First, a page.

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DonBradley

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About DonBradley

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  • Birthday October 24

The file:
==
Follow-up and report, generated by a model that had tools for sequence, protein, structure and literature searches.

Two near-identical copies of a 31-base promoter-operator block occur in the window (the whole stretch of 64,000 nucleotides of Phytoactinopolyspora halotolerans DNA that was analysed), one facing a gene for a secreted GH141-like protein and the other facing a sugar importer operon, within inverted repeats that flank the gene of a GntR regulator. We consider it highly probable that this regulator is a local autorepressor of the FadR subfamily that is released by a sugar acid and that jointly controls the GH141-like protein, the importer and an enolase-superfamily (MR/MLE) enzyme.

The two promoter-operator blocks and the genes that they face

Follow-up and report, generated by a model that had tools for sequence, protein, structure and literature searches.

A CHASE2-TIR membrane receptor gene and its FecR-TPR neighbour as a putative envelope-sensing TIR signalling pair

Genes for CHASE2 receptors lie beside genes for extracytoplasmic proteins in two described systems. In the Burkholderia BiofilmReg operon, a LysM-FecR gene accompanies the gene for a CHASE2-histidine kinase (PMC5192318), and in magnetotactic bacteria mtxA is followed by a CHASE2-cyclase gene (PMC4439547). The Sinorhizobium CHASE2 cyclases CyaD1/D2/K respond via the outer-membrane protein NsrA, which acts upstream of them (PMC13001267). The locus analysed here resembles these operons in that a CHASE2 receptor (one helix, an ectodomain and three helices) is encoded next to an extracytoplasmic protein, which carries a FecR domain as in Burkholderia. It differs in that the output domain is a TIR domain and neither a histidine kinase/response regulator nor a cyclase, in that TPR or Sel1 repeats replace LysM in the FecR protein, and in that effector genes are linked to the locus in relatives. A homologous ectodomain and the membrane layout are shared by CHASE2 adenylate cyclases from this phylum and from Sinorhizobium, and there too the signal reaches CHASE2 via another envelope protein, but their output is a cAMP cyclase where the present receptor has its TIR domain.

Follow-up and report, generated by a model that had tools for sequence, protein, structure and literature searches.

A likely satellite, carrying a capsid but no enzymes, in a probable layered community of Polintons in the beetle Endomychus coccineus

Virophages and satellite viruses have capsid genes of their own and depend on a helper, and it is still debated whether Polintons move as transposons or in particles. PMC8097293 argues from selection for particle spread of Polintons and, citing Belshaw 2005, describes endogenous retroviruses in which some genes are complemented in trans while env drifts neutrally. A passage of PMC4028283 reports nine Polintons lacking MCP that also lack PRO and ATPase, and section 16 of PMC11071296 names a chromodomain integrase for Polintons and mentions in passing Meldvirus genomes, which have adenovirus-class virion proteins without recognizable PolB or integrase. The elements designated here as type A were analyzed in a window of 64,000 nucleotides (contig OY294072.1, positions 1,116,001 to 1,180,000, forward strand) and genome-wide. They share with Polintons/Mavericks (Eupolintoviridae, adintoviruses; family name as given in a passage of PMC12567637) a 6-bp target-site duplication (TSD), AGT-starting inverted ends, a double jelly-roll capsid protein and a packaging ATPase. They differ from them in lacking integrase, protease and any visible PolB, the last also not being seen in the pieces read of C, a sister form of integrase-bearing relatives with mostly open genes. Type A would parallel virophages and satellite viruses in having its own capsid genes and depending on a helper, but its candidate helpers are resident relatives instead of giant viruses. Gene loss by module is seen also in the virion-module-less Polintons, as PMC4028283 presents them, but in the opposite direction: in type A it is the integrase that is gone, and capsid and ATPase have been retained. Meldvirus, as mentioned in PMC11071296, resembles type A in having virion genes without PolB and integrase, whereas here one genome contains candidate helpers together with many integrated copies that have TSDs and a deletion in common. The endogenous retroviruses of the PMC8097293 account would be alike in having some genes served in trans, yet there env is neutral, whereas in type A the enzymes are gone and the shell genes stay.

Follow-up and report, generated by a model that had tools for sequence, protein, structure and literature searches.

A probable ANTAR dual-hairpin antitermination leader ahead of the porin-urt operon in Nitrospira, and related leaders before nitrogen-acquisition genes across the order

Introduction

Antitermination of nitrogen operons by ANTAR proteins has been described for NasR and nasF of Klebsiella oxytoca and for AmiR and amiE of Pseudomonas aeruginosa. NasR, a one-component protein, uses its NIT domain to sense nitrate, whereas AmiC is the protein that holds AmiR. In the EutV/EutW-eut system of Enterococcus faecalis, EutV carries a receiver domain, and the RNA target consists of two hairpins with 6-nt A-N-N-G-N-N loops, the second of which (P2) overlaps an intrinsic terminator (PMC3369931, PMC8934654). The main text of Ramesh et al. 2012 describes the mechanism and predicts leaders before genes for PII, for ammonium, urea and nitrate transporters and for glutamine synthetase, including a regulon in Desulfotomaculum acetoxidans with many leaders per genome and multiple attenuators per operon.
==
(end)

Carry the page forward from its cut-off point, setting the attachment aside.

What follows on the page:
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  1. DonBradley

    Don Bradley's Book on the 116 Pages